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Turning your head to one side just feels “wrong”
Posted: 09 February 2012 01:39 AM   [ Ignore ]  
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So I have lots of issues. Many I’m just starting to understand and am still tracking down doctors who can understand. I have never felt comfortable turning my head to the left. For example, if sleeping in my recliner or a car I will turn my head to the right to sleep. Never to the left. It just feels wrong. I have less range of motion to the left too, but who knows why. As I now start to put together all of my cervical issues and the many pieces of the puzzle I wondered about something and so I did a side-by-side comparison.

This is from my CT from this past August of 2011. My head is rotated to the left and to the right. This makes it pretty darn clear why the right side is more comfortable and why the left side feels so wrong. Still no official diagnosis on my neck. Maybe this time next week. Anyway, here’s my neck turned to the left and to the right. Interesting, huh?

Anybody else feel “wrong” turning their head to one side or another?

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It’s good to be open minded, but not so open minded that your brain falls out of your head.

“Patients can have as many diseases as they damn well please”.

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Posted: 19 February 2012 06:15 PM   [ Ignore ]   [ # 1 ]  
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Wow!  Let us know what they say about the comparisons!  When I am laying down, I feel the same way you do.  Turning my head to the left doesn’t feel right and sometimes looking straight up doesn’t feel right, so I turn my head to the right most times when I lay down.

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Posted: 19 February 2012 10:22 PM   [ Ignore ]   [ # 2 ]  
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Got diagnosed with Eagle Syndrome.  The less common vascular type.  I have it on both sides.  Here is arrows pointing out the calcified ligament on each side of my neck as it runs alongside the extracranial internal jugular vein.  It is worse when turning the head because then it restricts or cuts off blood flow to the head.  Here’s what wikipedia says about Eagle Syndrome:

Patients with the classic “Eagle Syndrome” can present with unilateral sore throat, dysphagia, tinnitus, unilateral facial and neck pain, and otalgia.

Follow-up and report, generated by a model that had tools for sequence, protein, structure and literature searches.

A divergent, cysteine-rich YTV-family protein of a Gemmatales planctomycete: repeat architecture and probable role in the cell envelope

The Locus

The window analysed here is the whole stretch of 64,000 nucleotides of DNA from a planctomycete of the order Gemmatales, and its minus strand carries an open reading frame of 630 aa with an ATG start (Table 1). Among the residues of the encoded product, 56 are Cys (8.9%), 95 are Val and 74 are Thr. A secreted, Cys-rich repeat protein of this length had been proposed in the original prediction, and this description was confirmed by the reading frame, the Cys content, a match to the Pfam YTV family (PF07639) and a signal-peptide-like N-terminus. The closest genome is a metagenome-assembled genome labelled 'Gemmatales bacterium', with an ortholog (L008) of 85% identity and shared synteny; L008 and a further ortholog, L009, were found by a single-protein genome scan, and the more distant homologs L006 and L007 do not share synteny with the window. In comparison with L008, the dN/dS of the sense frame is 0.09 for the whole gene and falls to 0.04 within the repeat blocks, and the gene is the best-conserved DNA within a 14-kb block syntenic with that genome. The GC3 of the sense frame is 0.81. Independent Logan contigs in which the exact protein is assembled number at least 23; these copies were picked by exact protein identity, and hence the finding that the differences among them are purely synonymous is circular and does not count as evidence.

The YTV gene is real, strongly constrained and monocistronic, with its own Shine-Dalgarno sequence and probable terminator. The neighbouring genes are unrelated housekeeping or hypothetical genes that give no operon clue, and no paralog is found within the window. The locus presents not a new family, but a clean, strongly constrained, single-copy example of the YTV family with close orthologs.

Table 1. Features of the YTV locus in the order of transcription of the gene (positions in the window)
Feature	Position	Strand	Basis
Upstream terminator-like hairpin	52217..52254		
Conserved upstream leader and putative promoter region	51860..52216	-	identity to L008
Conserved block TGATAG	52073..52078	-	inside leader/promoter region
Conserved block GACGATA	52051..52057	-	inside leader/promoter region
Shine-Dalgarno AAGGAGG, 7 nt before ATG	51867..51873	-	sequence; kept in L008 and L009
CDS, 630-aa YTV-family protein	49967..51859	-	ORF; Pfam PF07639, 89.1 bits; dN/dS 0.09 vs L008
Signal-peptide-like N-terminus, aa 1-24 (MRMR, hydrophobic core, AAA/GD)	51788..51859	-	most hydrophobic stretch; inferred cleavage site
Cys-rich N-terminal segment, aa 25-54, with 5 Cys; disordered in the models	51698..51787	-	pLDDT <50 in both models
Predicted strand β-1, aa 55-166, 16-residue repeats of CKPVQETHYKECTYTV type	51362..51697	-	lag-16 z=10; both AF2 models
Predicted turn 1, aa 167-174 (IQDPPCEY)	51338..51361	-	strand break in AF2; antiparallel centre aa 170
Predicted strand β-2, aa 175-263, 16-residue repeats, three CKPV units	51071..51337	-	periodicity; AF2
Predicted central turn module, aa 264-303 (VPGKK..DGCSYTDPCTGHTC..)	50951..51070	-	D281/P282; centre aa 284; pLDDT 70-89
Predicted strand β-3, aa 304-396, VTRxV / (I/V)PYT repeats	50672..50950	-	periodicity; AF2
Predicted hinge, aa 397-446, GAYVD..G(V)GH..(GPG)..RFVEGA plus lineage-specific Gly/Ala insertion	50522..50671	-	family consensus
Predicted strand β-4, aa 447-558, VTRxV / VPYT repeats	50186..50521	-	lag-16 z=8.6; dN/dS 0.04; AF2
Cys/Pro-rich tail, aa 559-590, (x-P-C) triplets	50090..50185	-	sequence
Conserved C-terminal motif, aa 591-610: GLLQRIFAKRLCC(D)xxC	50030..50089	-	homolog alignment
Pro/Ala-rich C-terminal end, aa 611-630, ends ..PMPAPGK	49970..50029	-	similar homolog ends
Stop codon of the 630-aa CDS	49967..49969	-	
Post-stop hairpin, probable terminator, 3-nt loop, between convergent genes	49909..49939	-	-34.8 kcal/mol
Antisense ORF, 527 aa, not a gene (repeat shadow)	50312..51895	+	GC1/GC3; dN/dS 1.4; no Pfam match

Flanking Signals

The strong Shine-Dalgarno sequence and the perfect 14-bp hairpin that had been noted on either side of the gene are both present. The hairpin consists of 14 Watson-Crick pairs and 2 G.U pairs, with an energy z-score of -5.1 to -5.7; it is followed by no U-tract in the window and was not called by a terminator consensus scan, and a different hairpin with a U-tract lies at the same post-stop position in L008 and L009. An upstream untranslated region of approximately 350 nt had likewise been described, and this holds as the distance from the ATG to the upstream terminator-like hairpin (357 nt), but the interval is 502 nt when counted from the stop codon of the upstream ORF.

In patients with the vascular form of “Eagle syndrome”, the elongated styloid process is in contact with the extracranial internal carotid artery. This can cause a compression (while turning the head) or a dissection of the carotid artery causing a transient ischemic event or a stroke.

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This explains lots of my symptoms.  There is also concern about C1 and C2, but more concern about my tethered cord right now.  I was told not to turn my head though.  NO range of motion head turning!  So, life is good as long as my neck is TIGHT, STRONG, and I DON’T TURN MY HEAD.  Great.

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It’s good to be open minded, but not so open minded that your brain falls out of your head.

“Patients can have as many diseases as they damn well please”.

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Posted: 21 February 2012 05:47 PM   [ Ignore ]   [ # 3 ]  
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OMG, I am so sorry that you have Eagle Syndrome.  I’ve never even heard of it.  What is the next step (aside from not turning your head!)?  Do you know what would cause this calcification?  Do you have EDS and POTS?  Stay positive - at least you have a diagnosis (better to know than not know).
Michelle

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Posted: 22 February 2012 04:10 PM   [ Ignore ]   [ # 4 ]  
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Yes to POTS & EDS. I got lectured about skipping meals. Florinef made my head feel like it was going to explode and beta blockers could lower my already low BP so they are a bad idea too. Sort of up the creek without a paddle. Getting 2nd and 3rd opinions soon. Will see where that leads. My PT is freaked and my PCP is very concerned bc of PT’s reaction and because of new symptoms surfacing.

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It’s good to be open minded, but not so open minded that your brain falls out of your head.

“Patients can have as many diseases as they damn well please”.

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